Iowa Caucuses and Trump Supporters

If the polls and surveys are correct, a large percentage of Trump supporters have never been to a caucus before, and many don’t even vote regularly. I’m not sure they know what they’re in for.

First off, next Monday night is setting up to be ugly weather-wise - cold, snowy, windy in Iowa. Secondly, it isn’t just showing up any old time and dropping off a secret ballot and going home. You have to devote your entire night to it, and it can involve a hell of a lot of standing around doing nothing. I know the angry old white male demographic isn’t going to like it. The question is, do they have enough passion to stick with it through the end? I saw people walking out of the Obama/Clinton Colorado caucuses in 2008 when the race was still too close to call.

That was only two candidates, too, not a dozen like this R field. The other thing is that it isn’t secret - you have to gather in groups in public with your neighbors who may support other candidates. They may be your kid’s teacher, an influential church member, or the bank President who loans you the money to buy new equipment and seed to plant in spring on your farm.

It also isn’t like talk radio or Fox News where you can say any crazy old shit and never be challenged. In a caucus you will be challenged to defend your choice. “Trump Rules! Cruz Drools!” ain’t going to cut it. A good speaker can influence voters to switch, especially if they know their chosen candidate has no shot, like a lot of them.

Obama won the D nomination due to his performance in the caucuses, not so much in primaries. He had the organization and dedication of followers who knew what to expect and had the passion and persuasiveness to pull in votes.

I’m not sure Trump has any of that. In fact, I’m pretty sure he doesn’t.

We’ll see in a few days.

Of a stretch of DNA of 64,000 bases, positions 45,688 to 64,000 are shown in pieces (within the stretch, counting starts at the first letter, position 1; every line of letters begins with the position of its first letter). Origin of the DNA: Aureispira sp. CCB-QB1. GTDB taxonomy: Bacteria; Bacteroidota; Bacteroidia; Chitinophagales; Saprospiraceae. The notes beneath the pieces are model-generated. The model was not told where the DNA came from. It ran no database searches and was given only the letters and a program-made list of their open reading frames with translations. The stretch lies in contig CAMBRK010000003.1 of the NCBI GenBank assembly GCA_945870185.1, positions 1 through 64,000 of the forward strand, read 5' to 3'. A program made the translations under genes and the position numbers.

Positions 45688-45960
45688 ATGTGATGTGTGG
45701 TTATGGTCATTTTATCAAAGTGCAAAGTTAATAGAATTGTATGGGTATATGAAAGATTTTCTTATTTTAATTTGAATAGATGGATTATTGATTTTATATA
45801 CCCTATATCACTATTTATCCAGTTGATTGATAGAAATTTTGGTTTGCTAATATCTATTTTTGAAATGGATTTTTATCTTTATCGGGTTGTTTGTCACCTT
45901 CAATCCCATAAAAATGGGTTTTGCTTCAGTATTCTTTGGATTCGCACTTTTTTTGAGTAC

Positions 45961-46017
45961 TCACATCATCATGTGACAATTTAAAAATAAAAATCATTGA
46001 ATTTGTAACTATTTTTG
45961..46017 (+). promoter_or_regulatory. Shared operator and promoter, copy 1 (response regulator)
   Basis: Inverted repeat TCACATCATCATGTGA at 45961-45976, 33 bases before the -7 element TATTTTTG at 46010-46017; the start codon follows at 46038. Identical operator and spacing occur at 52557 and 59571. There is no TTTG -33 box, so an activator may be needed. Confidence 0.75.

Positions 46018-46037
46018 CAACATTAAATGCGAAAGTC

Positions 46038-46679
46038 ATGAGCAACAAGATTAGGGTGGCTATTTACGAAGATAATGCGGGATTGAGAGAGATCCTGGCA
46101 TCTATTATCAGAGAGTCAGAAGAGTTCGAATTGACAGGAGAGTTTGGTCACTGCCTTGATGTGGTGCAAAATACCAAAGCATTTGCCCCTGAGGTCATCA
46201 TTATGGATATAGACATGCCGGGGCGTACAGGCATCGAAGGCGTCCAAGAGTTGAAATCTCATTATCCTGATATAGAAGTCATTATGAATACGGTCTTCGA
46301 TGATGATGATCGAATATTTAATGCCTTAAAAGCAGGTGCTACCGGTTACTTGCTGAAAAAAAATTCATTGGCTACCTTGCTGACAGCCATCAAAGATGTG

I remember seeing something that suggested Trump had a surprisingly good ground game in Iowa, but after that, the wisdom seemed to be that he had none. I’m not sure where I saw the first report. Hell, maybe I saw it on Hot Air or some other worthless site.

I’m not sure the Republican caucus is that messy (the Democratic one is).Per here, the R’s will basically just do a vote, and be done with it.

The Democrats apparently do the classic caucus, with lots of wheeling/dealing around grabbing votes from less popular candidates to get over a 15% threshold. Of course, with only two viable candidates (sorry, Martin) there will be lot less of that.

Yeah, I live in Iowa. The Republican version is much shorter. The Democratic caucus involves determining viability (usually need 15% of participants)…then a reshuffling of unaligned caucus attendees. This is where the Clinton/Sanders folks will try to convince the O’Malley folks to join them.

Actually Trump’s ground game isn’t very good. (At least as of a couple of weeks ago)

Found the original. Washington Post, but it’s from August:

I predict he’ll lose Iowa to Cruz and then lose New Hampshire, primarily because of turnout problems.

The question is, how much difference does a ground game make in an event like the Iowa Caucus?

In a November election, the CW seems to be that it might net a candidate a few additional percentage points at most. My sense is that there’s more opportunity for a ground game to make a bigger difference in low-turnout elections, and the Iowa Caucus certainly qualifies as low-turnout. But how much more opportunity? Damned if I know.

I think the key thing that will come out of Iowa with respect to Trump’s support is what sort of drop-off there is between his support as measured by the polling averages, and his support in the voting. He’s currently averaging 31% in 538’s weighted polling average for Iowa. If he gets 28% of the vote on Monday night, similar attrition isn’t going to hurt him down the road. But if he gets 22%, that’s a whole 'nother deal.


25% of the individuals Caucusing voted for individuals other than the top 3 finishers. That leaves the three dividing up 75% of the vote. A little math computation shows Cruz getting only 21% of eligible voters. Doesn’t seem like a clear mandate to me. I see the results indicating a movement towards moderation. The proof being the number of voters who supported the candidacy of Marco Rubio. I find it funny that so many people are placing so much importance on the Iowa results.

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Ted Cruz’s utilization of “Cambridge Analytica” services from Oct-Dec 2015 amounted to over 3,000,000. It might do well for Posters to Google: Robert Mercer – Keep the Promise I. We’ll see how many other Hedge Fund people Ted squeezes for cash. Eventually he’ll have to pay “The Piper.”